The f&b industry has been one of the slowest consumer goods industry to change its traditional retail commerce model, but technology providers are investing heavily in an omni-channel future for f&b, according to the September Food Logistics. Software developers have introduced numerous systems to support omni-channel fulfillment. Venture capital firms have invested hundreds of millions in f&b e-commerce startups.
The omni-channel poses some big challenges for f&b, but there are also big opportunities.
E-commerce is part of a bigger digital picture, according to Nielsen. A digital strategy includes interaction at every point along the path to purchase, including finding stores, making lists, checking prices, researching products, sharing content and purchasing. Such touch points occur both in and out of stores as consumers make greater use of e-commerce.
Editors Insight: One way that food and beverage differs from other consumer goods is the level of trust needed between the merchant and the consumer. This explains why food and beverage has been slower to embrace e-commerce than non-food industries. But food and beverage is nonetheless embracing e-commerce and the pace of change is accelerating. Nearly every food and beverage merchant will need to have the ability to take and fulfill orders placed over the Internet.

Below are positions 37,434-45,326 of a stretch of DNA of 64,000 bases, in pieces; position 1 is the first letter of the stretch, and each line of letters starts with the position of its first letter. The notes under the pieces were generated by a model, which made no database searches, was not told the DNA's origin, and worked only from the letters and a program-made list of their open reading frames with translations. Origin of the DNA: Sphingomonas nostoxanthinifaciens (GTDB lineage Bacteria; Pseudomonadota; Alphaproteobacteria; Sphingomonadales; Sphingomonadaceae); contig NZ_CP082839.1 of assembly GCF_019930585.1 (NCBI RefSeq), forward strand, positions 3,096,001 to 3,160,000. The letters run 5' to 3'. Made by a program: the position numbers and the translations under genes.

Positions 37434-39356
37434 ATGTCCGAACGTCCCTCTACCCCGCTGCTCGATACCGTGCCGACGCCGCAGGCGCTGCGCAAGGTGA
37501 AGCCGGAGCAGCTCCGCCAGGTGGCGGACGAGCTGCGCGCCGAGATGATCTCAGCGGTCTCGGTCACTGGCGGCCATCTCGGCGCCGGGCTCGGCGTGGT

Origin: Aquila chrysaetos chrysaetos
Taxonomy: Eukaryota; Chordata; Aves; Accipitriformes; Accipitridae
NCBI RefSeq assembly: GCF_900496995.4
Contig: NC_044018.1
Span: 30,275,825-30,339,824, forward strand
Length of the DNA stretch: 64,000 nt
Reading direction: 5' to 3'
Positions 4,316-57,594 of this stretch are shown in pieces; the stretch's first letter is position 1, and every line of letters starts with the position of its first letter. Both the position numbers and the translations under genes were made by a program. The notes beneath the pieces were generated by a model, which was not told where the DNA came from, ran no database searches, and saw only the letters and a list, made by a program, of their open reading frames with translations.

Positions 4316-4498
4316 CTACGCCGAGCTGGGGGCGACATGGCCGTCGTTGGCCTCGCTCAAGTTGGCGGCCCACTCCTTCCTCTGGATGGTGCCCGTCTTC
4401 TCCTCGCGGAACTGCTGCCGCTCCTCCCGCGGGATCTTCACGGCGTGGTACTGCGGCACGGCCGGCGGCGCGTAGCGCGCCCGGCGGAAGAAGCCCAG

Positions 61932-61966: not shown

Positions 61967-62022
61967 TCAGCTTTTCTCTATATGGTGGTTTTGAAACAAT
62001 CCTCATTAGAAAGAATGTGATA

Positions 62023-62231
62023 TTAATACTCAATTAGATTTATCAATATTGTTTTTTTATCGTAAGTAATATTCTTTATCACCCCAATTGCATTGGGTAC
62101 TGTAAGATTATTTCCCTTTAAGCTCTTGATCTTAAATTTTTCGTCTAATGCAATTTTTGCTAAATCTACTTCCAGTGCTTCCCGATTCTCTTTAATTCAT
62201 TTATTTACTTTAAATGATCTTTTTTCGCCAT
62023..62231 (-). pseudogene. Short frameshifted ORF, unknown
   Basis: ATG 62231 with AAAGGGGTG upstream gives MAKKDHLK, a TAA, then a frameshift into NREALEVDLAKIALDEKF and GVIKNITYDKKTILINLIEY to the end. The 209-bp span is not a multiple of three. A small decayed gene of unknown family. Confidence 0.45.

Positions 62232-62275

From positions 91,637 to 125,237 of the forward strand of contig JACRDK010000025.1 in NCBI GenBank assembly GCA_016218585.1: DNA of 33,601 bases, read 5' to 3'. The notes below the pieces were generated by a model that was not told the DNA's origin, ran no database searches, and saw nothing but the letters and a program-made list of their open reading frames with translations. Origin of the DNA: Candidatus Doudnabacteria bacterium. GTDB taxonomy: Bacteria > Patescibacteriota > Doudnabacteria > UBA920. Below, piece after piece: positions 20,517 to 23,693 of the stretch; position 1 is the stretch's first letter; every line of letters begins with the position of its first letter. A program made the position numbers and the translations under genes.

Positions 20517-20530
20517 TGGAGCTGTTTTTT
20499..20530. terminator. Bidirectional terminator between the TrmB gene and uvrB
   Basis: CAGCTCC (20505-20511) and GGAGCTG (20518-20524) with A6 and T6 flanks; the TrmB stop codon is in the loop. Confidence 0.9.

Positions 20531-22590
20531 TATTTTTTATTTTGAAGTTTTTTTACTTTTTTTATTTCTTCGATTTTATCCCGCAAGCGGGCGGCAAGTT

The e-commerce revolution is forcing food and beverage merchants to understand and embrace an omni-channel sales strategy. Food and beverage companies will have to respond to both online and offline demand for orders. The “pure play” web retailers pioneered e-commerce, but the brick and mortar retailers have the infrastructure in place to effectively respond to the online demand. This is why Amazon is establishing brick and mortar facilities and why Walmart is adding pickup locations for online orders. 9-21-15 By Elliot Maras